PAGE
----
Earlier this month, Stuff published an in-depth piece by Michelle Duff on men and the parental leave system, featuring expert commentary from our PPI Research Associate, Dr Suzy Morrissey.
Lagging behind As one of only four rich countries that offer no parental leave specifically ring-fenced for men, New Zealand is well behind. Most other countries in the OECD have some form of paid paternity leave, with eight countries offering more than three months. Here, the paid parental leave entitlement of 26 weeks and the extended leave of 26 weeks is attached to the birth mother. Men are allowed two weeks of unpaid partner’s leave. “You’re still working within a system where the woman is allowed the leave in the first place and having to transfer that leave to someone else,” says Dr Suzy Morrissey, a University of Auckland researcher who has done some of the most recent research into parental leave. “The man has no entitlement to paid leave in his own right.” While the mother can transfer all or part of her year’s leave to a nominated “primary carer”, it is unclear how many people do this.
But no-one collects data on who is taking the second 26 weeks, when anecdotally more men do step in to caring roles, and how financial and social pressures influence their choice. (Data suggest that overall, around 15 per cent of those who stay home with children of all ages are men. In March this year around 20,000 men said they were out of the workforce looking after a child, compared to 128,000 women.) ”They obviously haven’t identified a need to know it,” says Morrissey. “The fact is, we’re asking men to take this leave even though it’s unrealistic, they’re having to take it most likely for a pay cut, and with no other support or encouragement. “How acceptable or easy do we make it for men to be parents?”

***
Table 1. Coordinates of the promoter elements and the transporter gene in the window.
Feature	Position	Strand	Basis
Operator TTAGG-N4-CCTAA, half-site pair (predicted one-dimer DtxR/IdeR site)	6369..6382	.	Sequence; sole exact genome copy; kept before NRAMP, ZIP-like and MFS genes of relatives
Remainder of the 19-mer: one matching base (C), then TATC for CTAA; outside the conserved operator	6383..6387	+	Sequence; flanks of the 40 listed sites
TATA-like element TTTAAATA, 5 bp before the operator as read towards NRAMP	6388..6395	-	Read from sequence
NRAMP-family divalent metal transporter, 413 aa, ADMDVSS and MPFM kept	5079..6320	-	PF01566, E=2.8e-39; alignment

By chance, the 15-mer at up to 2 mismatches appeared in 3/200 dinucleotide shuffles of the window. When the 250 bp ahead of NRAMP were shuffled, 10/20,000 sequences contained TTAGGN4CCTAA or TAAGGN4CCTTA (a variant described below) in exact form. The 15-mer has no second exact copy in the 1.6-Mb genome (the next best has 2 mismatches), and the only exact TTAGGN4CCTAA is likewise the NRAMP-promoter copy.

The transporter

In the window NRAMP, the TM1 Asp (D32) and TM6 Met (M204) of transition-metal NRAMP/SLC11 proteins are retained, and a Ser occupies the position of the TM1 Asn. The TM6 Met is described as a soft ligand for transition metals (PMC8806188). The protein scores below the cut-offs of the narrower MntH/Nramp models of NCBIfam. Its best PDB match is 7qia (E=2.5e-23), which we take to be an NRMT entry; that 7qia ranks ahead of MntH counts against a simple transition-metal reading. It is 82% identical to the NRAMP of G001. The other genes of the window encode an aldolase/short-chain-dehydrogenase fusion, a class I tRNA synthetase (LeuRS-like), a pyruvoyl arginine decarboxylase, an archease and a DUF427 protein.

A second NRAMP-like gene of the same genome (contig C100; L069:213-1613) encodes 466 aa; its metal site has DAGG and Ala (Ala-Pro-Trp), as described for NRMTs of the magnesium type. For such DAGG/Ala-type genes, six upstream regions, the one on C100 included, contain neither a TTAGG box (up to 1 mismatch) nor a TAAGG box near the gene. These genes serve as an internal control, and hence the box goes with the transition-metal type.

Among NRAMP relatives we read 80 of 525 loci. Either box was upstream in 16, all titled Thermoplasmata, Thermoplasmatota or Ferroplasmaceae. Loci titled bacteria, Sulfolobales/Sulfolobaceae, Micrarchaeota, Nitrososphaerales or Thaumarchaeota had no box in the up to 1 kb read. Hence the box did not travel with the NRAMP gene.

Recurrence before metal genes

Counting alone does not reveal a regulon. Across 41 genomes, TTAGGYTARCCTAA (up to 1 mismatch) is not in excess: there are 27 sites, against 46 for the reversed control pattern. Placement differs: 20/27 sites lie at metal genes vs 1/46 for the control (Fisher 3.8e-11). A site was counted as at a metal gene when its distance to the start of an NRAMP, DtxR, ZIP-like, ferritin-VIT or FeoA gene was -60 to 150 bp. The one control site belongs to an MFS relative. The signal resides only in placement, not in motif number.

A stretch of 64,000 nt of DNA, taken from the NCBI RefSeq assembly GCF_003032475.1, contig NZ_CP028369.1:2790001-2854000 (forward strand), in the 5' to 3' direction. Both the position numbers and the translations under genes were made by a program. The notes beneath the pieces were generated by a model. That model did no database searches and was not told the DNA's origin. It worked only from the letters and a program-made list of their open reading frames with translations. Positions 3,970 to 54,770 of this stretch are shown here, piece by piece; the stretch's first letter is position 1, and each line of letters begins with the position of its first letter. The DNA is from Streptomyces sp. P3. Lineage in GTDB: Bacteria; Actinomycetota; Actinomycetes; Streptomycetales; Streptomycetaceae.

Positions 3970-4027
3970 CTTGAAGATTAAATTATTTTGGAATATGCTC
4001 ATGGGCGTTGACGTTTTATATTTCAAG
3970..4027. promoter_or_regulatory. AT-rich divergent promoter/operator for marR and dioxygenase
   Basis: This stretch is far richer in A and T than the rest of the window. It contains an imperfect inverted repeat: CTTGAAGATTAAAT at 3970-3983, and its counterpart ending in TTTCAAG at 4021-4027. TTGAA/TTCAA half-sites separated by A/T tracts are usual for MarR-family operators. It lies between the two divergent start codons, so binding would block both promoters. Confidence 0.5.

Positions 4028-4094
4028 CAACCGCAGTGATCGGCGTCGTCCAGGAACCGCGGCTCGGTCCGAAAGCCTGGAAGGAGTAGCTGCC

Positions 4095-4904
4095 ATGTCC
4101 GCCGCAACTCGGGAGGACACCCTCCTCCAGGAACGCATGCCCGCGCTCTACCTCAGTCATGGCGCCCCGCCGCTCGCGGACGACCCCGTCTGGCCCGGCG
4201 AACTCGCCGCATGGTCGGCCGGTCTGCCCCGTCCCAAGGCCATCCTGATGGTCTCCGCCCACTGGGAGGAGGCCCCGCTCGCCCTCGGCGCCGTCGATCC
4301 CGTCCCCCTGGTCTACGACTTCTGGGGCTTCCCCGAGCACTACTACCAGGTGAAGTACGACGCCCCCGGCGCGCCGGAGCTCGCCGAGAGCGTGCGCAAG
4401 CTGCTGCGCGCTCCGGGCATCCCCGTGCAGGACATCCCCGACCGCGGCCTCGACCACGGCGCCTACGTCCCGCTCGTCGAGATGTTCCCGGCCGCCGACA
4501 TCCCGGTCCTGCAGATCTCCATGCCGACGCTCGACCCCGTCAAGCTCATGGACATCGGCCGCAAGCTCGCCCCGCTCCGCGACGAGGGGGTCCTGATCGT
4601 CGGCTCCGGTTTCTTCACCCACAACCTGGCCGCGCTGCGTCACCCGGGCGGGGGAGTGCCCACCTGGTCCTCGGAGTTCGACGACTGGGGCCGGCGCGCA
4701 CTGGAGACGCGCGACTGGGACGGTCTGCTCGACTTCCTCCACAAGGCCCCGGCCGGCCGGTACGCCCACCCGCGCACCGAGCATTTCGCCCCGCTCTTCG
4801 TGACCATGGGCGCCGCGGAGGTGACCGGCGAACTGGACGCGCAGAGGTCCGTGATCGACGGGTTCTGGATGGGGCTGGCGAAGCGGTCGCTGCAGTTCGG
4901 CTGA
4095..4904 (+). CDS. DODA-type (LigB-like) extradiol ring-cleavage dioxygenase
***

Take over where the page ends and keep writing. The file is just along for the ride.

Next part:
As far back as 2008, two government reports said the “time is right” for a paid parental leave entitlement to be ring-fenced for fathers. “There is a sizeable gap between the aspirations of parents that fathers spend more time caring for their children, and the actual time fathers spend with their babies and children,” the authors wrote. Yet changes since then have only tweaked the system or added more time for the primary carer. Dr Suzy Morrissey says the financial barriers to men taking paid parental leave are considerable. Men still typically earn more than women. Paid parental leave has a cap of $606.46, compared to a median average weekly income of $1085.51. Research from the OECD shows men don’t take leave if it’s not well-paid. The fact it’s paid so low, at an equivalent of 30 hours a week at minimum wage, reflects how little care work is valued, Morrissey says. Compare this to ACC, which provides much more generous wage replacement for an injury, which also requires time off work. “It suggests reluctance to view this as an employment-related policy,” she says. “There needs to be increased leave for fathers or partners, instead of the mother giving it up.”
Read Michelle’s full article here.
Originally published in Stuff, 4 July 2021.